Childe Hassam (1859-1935)
Property from the Collection of John and Dolores Beck
Childe Hassam (1859-1935)

Dock Scene, Gloucester

Childe Hassam (1859-1935)
Dock Scene, Gloucester
signed and dated 'Childe Hassam./Gloucester. 1894' with artist's crescent device (lower left)
oil on canvas
22¼ x 21 in. (56.5 x 53.3 cm.)
Colonel Charles Clifton, Buffalo, New York, by 1925.
Private collection, by descent.
Sotheby's, New York, 28 November 2001, lot 83.
Acquired by the present owner from the above.
S. Koja, ed., America: The New World in 19th-Century Painting, exhibition catalogue, Vienna, Austria, 1999, pp. 166, 288, no. 116, illustrated.
Buffalo, New York, Albright-Knox Art Gallery, 1992-2000, on loan.
Vienna, Austria, Österreichische Galerie Belvedere, America: The New World in 19th-Century Painting, March 17-June 20, 1999, no. 116. Orlando, Florida, Orlando Museum of Art, Paths to Impressionism: Local Collections, August 26-October 29, 2006, no. 51.


Dock Scene, Gloucester is a remarkable example of Childe Hassam's uniquely American vision of Impressionism. Hassam's works of the late 1880s and 1890s are generally considered to be his finest. In 1889 he returned from a trip to Paris where he had immersed himself in the Impressionist aesthetic, and settled in New York where he painted lively urban scenes of the city's famous parks, squares and buildings. During the summers, Hassam retreated to New England, frequently to Appledore in the Isles of Shoals off of the New Hampshire coast, and later to Gloucester on the Cape Ann peninsula in Massachusetts about forty miles north of Boston. It was on these summer painting campaigns at the lively artists' colonies on Appledore and in Gloucester that Hassam perfected his plein-air Impressionist style.

"Although Hassam continued to visit the Isles of Shoals without interruption after [Celia] Thaxter's death, for a while he directed his artistic attention away from them toward Gloucester, which he had visited intermittently since his early student days. Unlike the Isles of Shoals, which was a seasonal resort, Gloucester was a large commercial port, whose year-round fishing trade brought fleets from around the world to its harbor, giving it the flavor, as Baedecker said, of a 'quaint and foreign-looking city.' Like other visiting artists, Hassam usually stayed at East Gloucester, a populous commercial and residential district a few miles away from the town center and connected by electric tram to the main railway. It was from this vantage point that his most characteristic panoramas of the harbor and town were to be painted. In the early and mid-1890s, however, Hassam was less interested in landscape at Gloucester than in figure pictures that recorded scenes of townsfolk and summer residents." (U.W. Hiesinger, Childe Hassam: American Impressionist, New York, 1994, pp. 92-93)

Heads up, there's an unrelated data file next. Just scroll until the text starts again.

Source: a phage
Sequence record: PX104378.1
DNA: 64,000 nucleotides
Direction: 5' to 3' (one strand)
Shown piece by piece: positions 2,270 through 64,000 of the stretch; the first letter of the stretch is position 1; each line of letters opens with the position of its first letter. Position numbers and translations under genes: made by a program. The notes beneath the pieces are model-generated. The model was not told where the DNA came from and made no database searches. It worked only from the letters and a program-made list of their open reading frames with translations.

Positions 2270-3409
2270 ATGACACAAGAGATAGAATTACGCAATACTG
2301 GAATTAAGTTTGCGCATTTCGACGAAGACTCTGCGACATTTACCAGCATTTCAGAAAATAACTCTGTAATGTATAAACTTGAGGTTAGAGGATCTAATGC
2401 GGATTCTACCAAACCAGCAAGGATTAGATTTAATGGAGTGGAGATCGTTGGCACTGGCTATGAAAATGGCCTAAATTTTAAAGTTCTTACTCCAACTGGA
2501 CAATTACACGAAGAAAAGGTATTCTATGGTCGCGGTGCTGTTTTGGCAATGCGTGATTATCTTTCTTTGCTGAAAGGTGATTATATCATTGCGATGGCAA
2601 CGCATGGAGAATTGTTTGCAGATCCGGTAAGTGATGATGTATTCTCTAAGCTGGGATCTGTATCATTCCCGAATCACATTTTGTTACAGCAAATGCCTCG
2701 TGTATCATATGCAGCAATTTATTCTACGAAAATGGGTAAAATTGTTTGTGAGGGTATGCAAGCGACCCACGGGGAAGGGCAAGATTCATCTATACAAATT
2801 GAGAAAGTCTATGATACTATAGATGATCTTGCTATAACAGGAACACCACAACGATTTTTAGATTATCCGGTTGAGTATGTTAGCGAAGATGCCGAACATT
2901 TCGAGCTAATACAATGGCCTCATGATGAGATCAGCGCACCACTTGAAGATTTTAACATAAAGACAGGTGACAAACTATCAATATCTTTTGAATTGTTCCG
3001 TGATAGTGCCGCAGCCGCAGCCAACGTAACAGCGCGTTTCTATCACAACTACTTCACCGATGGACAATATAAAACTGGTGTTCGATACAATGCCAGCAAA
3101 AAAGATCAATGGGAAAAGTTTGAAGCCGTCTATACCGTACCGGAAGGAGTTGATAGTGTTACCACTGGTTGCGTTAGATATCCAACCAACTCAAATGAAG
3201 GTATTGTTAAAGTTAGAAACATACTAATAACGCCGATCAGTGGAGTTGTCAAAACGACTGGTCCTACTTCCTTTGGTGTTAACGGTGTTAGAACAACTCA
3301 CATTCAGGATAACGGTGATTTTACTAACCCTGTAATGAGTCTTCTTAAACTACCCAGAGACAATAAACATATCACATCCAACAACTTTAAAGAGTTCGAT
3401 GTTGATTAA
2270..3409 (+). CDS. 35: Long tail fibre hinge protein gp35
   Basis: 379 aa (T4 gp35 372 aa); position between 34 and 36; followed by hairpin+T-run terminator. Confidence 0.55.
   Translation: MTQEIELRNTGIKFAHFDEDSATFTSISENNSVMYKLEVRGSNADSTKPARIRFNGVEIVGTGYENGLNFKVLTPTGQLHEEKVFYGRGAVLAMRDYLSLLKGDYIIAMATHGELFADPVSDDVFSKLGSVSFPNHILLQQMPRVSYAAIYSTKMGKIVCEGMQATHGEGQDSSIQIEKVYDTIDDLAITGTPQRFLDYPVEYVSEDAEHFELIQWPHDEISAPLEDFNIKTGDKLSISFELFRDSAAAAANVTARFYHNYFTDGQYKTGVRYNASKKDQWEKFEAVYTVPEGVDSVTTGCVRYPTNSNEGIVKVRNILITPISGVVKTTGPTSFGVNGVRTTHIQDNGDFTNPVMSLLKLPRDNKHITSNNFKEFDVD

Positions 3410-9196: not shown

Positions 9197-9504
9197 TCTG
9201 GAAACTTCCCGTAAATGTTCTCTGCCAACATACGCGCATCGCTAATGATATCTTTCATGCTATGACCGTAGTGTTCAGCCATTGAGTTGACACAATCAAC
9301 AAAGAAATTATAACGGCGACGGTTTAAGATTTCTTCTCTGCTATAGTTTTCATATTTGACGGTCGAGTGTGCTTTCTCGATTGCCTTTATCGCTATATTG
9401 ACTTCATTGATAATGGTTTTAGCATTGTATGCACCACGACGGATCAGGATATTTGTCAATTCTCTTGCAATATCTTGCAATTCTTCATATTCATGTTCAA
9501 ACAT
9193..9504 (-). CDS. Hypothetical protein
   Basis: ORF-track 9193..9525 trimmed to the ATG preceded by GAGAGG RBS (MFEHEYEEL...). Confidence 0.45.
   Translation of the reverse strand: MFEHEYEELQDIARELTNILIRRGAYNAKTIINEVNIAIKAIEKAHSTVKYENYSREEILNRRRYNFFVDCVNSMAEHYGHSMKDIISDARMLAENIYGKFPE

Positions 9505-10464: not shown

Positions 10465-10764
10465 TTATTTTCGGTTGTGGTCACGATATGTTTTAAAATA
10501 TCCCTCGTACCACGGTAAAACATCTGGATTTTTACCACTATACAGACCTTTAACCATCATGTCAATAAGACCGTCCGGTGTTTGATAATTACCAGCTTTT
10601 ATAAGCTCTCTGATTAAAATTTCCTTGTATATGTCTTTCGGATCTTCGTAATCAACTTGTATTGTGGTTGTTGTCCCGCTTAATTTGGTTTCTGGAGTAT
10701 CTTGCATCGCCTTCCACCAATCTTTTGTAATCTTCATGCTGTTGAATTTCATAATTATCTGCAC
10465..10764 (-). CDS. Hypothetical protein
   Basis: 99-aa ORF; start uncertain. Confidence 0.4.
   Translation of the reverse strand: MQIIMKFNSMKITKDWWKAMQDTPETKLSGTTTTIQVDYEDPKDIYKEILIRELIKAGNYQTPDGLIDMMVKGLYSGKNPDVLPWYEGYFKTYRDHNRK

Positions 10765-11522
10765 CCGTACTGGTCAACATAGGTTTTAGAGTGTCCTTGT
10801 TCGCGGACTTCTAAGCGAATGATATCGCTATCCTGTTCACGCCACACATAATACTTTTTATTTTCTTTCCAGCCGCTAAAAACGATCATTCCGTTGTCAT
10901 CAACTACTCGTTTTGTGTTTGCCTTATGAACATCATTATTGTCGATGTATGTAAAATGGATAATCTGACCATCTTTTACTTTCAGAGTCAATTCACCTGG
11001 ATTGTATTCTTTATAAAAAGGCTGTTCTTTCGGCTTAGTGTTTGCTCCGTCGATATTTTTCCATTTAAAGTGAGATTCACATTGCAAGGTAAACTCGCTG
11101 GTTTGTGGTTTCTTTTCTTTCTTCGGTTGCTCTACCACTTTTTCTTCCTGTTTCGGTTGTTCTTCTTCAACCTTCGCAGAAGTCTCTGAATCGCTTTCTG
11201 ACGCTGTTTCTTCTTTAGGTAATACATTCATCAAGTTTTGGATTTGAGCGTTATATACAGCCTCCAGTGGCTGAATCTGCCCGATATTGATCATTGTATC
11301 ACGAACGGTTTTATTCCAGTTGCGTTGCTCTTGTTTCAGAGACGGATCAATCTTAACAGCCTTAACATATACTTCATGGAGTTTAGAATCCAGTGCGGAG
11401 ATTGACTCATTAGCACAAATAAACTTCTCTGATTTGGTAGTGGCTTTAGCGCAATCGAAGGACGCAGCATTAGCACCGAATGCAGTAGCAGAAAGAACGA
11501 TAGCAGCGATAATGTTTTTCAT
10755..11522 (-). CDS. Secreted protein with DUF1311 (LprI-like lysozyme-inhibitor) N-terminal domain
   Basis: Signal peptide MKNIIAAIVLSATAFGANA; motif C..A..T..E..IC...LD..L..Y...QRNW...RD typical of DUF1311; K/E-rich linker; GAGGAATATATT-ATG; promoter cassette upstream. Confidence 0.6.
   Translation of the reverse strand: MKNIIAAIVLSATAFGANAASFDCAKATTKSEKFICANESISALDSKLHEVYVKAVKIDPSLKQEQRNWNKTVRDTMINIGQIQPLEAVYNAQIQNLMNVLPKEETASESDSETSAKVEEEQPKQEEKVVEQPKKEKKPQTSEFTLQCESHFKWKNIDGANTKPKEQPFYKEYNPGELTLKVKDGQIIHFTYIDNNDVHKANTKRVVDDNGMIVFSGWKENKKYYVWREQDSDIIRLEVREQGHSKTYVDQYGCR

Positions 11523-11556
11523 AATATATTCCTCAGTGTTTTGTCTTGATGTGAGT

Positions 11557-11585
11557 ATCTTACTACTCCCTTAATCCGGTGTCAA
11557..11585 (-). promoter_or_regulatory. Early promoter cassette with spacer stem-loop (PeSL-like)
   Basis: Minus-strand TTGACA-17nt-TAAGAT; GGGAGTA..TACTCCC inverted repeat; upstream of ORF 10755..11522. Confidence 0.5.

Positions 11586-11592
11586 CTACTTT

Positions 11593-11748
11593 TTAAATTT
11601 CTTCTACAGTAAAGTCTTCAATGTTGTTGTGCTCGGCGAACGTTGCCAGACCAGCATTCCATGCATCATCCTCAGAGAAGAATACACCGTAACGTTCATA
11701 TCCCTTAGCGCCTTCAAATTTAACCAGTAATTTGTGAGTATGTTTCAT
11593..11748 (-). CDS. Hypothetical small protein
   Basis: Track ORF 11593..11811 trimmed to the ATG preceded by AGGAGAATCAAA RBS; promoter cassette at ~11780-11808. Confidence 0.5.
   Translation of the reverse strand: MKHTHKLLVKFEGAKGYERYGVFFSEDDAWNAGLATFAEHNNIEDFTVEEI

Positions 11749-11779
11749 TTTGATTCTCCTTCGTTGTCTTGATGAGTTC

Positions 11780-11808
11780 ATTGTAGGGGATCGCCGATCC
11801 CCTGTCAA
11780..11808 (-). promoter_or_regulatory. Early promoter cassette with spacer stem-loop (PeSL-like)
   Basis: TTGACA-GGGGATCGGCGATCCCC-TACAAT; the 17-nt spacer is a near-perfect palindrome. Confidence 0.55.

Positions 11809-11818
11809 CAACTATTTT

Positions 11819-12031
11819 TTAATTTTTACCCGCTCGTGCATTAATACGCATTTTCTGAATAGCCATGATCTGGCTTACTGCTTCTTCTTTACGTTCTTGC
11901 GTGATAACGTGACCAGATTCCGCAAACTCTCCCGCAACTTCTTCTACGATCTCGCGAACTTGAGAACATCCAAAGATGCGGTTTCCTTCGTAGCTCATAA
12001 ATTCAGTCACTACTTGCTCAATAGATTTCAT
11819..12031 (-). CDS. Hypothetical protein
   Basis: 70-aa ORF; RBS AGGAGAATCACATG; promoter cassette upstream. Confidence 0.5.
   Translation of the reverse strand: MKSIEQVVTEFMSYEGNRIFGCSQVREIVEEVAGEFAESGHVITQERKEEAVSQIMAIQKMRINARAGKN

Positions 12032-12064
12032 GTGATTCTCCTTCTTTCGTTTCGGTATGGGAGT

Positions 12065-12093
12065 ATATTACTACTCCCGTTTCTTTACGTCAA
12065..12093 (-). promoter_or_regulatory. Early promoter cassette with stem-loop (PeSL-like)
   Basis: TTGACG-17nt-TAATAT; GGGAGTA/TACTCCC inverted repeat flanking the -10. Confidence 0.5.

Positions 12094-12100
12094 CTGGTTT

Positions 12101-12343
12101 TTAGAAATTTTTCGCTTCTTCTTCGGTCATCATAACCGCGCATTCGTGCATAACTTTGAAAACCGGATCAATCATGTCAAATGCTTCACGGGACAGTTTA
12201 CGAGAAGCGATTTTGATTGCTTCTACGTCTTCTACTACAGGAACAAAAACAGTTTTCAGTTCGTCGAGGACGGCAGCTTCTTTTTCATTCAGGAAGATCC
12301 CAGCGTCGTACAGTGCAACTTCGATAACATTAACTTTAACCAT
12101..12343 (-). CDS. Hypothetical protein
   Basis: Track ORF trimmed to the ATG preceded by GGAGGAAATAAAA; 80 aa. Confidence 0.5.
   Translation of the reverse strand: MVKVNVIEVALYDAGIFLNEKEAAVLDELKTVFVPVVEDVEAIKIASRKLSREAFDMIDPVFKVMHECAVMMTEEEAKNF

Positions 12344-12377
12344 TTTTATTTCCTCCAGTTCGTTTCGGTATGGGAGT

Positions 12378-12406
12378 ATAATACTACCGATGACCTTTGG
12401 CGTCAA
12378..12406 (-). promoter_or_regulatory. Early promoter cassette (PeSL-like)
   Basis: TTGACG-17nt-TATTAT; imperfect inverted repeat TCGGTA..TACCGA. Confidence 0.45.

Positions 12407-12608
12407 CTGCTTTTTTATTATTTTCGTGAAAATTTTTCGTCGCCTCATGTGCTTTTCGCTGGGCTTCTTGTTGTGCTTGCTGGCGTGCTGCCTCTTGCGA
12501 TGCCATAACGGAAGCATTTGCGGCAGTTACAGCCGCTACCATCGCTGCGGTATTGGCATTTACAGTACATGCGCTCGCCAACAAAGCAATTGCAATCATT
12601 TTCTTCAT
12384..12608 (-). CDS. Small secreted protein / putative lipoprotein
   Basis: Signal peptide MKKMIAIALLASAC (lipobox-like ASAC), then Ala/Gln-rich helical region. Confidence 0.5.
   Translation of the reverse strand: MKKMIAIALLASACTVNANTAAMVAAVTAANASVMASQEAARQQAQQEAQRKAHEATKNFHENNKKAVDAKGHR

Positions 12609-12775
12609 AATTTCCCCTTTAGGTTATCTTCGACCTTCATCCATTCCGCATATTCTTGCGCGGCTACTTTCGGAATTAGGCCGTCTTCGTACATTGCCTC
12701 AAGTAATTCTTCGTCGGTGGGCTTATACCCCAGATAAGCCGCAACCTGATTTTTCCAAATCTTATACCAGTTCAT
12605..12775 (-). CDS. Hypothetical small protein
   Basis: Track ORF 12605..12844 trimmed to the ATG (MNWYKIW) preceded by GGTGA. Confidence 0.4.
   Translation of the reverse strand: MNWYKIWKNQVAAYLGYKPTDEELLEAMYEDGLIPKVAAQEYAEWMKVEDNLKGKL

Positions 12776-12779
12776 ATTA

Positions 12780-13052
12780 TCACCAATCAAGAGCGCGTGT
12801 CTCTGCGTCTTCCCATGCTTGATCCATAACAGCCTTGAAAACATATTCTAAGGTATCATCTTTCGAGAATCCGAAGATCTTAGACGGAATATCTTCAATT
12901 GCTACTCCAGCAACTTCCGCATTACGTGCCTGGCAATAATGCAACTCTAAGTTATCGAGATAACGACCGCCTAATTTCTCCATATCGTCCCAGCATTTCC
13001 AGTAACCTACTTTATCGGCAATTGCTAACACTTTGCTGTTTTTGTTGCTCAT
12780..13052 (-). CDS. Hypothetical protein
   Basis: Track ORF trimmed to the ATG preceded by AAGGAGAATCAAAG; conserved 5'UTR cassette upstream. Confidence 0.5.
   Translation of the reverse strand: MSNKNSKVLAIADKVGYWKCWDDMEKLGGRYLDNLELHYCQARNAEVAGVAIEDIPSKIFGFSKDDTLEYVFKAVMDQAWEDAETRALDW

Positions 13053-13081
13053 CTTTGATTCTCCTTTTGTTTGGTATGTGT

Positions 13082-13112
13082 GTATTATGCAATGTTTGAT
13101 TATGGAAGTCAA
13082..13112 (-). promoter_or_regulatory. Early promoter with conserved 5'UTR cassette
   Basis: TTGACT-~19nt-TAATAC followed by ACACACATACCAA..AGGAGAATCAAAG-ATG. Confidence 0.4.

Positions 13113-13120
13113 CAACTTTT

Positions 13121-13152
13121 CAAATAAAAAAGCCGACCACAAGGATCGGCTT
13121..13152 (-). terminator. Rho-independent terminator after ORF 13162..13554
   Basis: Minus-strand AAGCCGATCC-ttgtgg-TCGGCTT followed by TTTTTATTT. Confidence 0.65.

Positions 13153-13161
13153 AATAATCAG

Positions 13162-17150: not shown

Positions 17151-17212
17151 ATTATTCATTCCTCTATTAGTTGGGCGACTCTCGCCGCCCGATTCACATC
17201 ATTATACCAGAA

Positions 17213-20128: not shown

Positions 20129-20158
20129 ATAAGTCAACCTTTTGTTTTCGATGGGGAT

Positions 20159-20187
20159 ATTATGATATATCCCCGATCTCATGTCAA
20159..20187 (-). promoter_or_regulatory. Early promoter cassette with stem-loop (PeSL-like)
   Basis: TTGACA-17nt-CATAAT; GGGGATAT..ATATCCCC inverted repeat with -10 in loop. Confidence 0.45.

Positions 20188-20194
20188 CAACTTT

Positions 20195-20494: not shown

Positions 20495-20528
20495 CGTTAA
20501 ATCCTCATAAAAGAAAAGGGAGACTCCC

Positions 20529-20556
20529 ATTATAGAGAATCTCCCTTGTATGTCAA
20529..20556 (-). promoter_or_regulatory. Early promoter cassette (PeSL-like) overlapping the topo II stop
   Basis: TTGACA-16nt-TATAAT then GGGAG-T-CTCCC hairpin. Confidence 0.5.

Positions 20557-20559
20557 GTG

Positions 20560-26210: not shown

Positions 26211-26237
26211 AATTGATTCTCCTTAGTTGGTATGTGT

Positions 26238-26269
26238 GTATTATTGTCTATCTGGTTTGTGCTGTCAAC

Painted in 1894, Dock Scene, Gloucester is an impressionistic snapshot of the town's more picturesque views and inhabitants. The scene most likely depicts the ferry landing at Rocky Neck at the eastern side of town. At the turn of the century Gloucester was thriving both commercially and culturally. "Yet Gloucester seemed relatively resistant to the twentieth-century forces of change and even to the upheavals that tourism would create, perhaps because of the specific and peculiar character of the town's long association with seafaring and because fisheries and supporting industries continued to flourish here. By the turn of the century Gloucester's combination of healthy industry and growing resort activity was seen to reflect an ideal American vision. 'Gloucester,' said a writer in 1908, 'is one of the most delightful playgrounds in existence, and we believe that that fact comes pretty near to determining its future. Still we think that work is always the best background for play, and is itself the most interesting thing in the world, and every true lover of Gloucester will hope to see industry and beauty develop hand in hand, as they always should.' Manifesting the dual energies of work and recreation and offering reassuring echoes of the American past, Gloucester would seem to have been a perfect venue for the turn-of-the-century American painters of modern life." (H.B. Weinberg, D. Bolger and D.P. Curry, American Impressionism and Realism: The Painting of Modern Life, 1885-1915, New York, 1994, p. 125)

Through Hassam's Impressionist gaze, the timeless beauty and tranquility of the quiet fishing village of Gloucester is poignantly recorded in Dock Scene, Gloucester. Gloucester, like Appledore and Cos Cob, Connecticut, offered Hassam the ability to escape from the oppressive and mundane life in the city and allowed his mind to wander and retreat into the depths of his own imagination. Hassam, by fully making manifest onto canvas these introspective journeys, offered viewers of his Gloucester pictures similar passage. Hassam's first biographer Adeline Adams remarked: "How he loved the whole New England coast, with its endless variety of sand, pebbles, and towering granite! . . . To many an attentive eye, the familiar Hassam magic has altered and enhanced the Gloucester scene, the Provincetown scene, the Newport scene. Those places transcended their former selves, because the invisible had been made visible through the painter's art." (as quoted in Childe Hassam: Impressionist, p. 110)

We would like to thank the Hassam catalogue raisonné committee for their assistance with cataloguing this work.

This work will be included in Stuart P. Feld's and Kathleen M. Burnside's forthcoming catalogue raisonné of the artist's work.

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